In all, it sounds like what you really want to do is just split your string on spaces, and then you can collect all the word pairs yourself. You can do the split with something like preg_split('/\s+/', $str) to return an array of all whitespace-separated words, and then you can iterate over the array however you want.

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I think you are right i forgot that overlapping thing :s –  exculuber Aug 30 '11 at 23:10

I'm pretty sure it is possible to do with regex, but the pickle here is regexes consume watch they match, so "going back" to get your overlapping matches is a tricky thing to do. Regex is not the right tool for this; a hammer does not suck because it can't (properly) handle screws.

If I were you I'd just do:

$str =  "Hello people #RegularExpression does not suck!";
$arr = explode(' ', $str);

for ($i=0; $i<count($arr) - 1; $i++) {
    echo implode(' ', array_slice($arr, $i, 2)) . "\n";


Hello people
people #RegularExpression
#RegularExpression does
does not
not suck!
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thank you best answer :) –  exculuber Aug 30 '11 at 23:13

Like others said, that seems not possible (EDIT: Oops, that's wrong, see Alan's answer) in standard pcre regex, and you better choose an another strategy.

Let me just add that it seems to exist an experimental and tricky solution : the backtracking verbs.

See the section "BACKTRACKING CONTROL" in the document pcre.org/pcre.txt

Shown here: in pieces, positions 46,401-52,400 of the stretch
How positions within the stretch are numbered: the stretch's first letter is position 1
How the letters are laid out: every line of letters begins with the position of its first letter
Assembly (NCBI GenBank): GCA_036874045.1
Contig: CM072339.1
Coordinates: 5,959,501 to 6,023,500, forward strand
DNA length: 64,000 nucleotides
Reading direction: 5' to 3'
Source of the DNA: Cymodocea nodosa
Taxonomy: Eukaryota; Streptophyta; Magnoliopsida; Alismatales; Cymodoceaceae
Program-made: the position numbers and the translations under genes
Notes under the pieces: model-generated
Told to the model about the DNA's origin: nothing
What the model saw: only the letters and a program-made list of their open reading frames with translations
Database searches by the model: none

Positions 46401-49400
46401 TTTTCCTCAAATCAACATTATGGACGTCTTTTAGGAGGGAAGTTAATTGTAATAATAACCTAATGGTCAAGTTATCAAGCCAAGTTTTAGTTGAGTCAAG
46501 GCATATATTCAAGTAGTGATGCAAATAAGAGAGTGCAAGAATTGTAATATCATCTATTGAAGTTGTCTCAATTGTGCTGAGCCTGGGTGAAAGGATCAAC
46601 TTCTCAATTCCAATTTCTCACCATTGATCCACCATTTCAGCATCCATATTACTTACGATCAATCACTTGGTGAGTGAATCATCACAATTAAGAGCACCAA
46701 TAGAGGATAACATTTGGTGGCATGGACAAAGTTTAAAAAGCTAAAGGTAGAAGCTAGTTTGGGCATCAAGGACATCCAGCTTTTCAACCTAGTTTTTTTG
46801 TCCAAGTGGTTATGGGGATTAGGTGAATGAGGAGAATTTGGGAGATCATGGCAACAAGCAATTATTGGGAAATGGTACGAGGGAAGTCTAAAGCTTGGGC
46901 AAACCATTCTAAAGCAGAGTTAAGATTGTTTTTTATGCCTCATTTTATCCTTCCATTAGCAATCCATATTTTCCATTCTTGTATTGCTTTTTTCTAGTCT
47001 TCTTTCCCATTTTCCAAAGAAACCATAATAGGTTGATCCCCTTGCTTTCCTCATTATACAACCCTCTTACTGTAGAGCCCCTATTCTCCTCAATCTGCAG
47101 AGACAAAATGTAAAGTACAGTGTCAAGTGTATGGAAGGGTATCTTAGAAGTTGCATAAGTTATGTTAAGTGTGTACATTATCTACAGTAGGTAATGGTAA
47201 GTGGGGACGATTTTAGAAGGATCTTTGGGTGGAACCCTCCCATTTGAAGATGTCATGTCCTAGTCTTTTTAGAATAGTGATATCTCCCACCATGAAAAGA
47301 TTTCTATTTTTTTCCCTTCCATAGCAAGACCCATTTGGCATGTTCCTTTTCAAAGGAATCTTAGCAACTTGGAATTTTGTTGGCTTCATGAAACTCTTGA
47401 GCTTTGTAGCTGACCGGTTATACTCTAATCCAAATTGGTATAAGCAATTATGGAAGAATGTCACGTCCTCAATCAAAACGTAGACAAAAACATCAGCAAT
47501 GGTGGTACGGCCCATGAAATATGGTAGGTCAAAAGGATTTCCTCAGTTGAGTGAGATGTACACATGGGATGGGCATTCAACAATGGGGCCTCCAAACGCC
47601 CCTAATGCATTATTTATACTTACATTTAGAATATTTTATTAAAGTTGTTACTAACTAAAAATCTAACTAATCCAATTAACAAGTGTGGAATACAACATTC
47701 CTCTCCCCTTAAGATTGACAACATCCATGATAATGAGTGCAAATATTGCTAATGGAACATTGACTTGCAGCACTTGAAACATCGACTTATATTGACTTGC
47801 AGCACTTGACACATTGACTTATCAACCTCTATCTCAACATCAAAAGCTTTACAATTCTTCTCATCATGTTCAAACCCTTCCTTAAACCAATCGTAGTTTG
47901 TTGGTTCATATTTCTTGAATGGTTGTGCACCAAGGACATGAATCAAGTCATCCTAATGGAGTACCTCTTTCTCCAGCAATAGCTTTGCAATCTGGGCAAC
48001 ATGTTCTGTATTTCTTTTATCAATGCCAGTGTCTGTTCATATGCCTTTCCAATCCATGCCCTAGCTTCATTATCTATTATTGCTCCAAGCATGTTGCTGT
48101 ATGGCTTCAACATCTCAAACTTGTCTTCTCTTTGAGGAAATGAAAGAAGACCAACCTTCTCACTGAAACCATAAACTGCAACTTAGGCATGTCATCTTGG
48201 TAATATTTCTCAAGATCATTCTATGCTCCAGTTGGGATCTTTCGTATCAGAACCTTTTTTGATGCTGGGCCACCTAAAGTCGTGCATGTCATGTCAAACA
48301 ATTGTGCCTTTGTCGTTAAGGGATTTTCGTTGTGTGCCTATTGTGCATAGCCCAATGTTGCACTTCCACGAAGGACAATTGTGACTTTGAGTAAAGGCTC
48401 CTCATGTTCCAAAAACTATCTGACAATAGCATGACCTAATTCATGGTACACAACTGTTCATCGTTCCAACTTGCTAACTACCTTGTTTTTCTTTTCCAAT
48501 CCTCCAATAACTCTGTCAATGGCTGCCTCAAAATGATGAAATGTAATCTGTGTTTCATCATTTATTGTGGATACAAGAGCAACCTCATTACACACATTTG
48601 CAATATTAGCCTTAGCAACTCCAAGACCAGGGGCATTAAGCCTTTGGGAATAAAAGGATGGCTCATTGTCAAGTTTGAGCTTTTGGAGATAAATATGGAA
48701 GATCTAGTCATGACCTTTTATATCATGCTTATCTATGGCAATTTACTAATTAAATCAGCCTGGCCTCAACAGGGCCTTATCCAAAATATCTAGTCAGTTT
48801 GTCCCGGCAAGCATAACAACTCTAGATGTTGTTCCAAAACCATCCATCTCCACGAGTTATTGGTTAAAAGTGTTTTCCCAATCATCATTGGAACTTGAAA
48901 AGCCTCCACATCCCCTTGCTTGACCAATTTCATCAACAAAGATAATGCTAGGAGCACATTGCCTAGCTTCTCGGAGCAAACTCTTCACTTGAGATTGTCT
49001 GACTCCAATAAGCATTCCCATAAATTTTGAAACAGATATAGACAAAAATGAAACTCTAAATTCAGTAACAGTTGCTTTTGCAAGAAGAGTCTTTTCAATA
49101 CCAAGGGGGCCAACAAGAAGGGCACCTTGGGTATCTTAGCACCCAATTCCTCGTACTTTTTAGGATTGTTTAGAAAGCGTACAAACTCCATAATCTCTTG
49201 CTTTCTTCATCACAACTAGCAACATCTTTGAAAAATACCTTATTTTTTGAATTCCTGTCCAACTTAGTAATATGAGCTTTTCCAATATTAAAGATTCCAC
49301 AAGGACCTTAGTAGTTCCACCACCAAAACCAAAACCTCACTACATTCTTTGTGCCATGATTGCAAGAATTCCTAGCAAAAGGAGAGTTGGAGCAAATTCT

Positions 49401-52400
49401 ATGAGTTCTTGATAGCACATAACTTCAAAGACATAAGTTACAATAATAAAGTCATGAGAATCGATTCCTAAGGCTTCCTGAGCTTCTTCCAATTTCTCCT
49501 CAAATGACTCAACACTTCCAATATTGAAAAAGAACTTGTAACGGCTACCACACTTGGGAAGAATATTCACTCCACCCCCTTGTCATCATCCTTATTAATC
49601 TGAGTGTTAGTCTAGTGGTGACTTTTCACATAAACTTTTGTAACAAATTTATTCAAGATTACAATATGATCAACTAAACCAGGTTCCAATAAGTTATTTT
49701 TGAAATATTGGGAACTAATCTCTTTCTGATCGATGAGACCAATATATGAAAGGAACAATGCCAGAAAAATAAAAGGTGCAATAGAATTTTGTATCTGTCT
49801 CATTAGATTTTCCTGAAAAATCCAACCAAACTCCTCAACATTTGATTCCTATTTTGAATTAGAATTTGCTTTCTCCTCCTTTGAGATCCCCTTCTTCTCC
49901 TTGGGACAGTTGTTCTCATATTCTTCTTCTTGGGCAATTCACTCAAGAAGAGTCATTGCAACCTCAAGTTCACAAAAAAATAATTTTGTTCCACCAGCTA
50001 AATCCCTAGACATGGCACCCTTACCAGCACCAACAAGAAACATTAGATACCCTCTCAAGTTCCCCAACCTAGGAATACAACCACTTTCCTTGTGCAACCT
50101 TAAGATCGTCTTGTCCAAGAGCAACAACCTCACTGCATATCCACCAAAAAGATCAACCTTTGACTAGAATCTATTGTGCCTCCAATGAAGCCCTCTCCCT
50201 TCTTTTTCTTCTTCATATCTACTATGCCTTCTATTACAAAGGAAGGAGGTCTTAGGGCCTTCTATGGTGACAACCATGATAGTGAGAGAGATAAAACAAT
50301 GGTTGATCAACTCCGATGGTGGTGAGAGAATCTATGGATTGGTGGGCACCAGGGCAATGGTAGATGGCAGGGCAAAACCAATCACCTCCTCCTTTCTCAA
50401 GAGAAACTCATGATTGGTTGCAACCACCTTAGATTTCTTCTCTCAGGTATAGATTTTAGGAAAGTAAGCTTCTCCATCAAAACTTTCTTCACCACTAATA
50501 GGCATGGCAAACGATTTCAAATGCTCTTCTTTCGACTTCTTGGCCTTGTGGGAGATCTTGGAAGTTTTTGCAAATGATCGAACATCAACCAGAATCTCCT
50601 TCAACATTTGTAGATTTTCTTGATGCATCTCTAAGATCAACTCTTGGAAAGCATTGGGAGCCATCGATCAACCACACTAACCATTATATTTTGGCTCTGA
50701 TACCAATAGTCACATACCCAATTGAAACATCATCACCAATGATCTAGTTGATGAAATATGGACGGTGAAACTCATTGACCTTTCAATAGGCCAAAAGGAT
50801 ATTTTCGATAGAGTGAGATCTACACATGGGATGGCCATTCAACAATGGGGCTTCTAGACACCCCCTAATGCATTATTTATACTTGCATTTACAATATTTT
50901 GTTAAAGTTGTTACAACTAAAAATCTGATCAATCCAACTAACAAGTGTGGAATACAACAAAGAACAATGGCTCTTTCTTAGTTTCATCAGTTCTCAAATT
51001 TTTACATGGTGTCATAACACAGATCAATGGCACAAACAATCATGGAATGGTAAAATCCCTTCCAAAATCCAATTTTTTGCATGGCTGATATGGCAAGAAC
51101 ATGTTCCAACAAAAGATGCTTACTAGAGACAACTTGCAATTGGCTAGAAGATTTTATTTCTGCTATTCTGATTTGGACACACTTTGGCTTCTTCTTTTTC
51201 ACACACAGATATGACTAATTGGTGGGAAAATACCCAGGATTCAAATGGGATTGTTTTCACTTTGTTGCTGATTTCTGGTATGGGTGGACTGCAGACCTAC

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While I can't say with certainty that backtracking-control verbs can't be used for this, I can say with confidence that they shouldn't be. ☺ –  Alan Moore Aug 31 '11 at 6:38
Thanks for your advice and your answer, I will read more about it to understand why. –  fbdcw Aug 31 '11 at 8:13
The backtracking-control verbs are intriguing, but I've never really delved into them because (1) only Perl and PCRE (similar but separate flavors) support them, and I try to focus on more widely-available features; (2) they're classed as experimental in both flavors; and (3) every time I start reading about them I'm struck by the feeling that I should be reading about parser generators or PEGs instead. ☺ –  Alan Moore Aug 31 '11 at 10:15

This pattern should work:


Matches every non whitespace followed by a single whitespace char and other non whitespace chars.

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$t = 'RT @cerenkilicaslan: #kadinlardaiticiozellikler kisaca Bilkent sarisi diyoruz sacin %10luk kismi siyah,dibi '; $a = preg_split ('/\w+\s\w+/i',$t); print_r($a) which returned Array ( [0] => RT @cerenkilicaslan: # [1] => [2] => [3] => % [4] => siyah,dibi ) –  exculuber Aug 30 '11 at 23:08
Why preg_split?? preg_match_all('/\w+\s\w+/i', 'RT @cerenkilicaslan: #kadinlardaiticiozellikler kisaca Bilkent sarisi diyoruz sacin %10luk kismi siyah,dibi ', $arr, PREG_PATTERN_ORDER); print_r($arr); worked fine for me. –  CaNNaDaRk Aug 30 '11 at 23:10
This is still wrong. –  NullUserException Aug 30 '11 at 23:33
Yes it is wrong, it's late here (gmt+2) and I was to sleepy to notice I wrote something wrong. I deleted the comment as i noticed it... I am trying other solutions without preg_split but i don't get much results. Last one i tried is /\S+\s\S+/i but after it finds a couple it skips the next one. Just wondering why, maybe I should open a new question about that... O_o –  CaNNaDaRk Aug 30 '11 at 23:45
Regex consumes what it matches. To get overlapping matches you'd have to get the regex engine to "go back." I think you might get it to work if you use lookaround, but I haven't had any success with that. –  NullUserException Aug 30 '11 at 23:57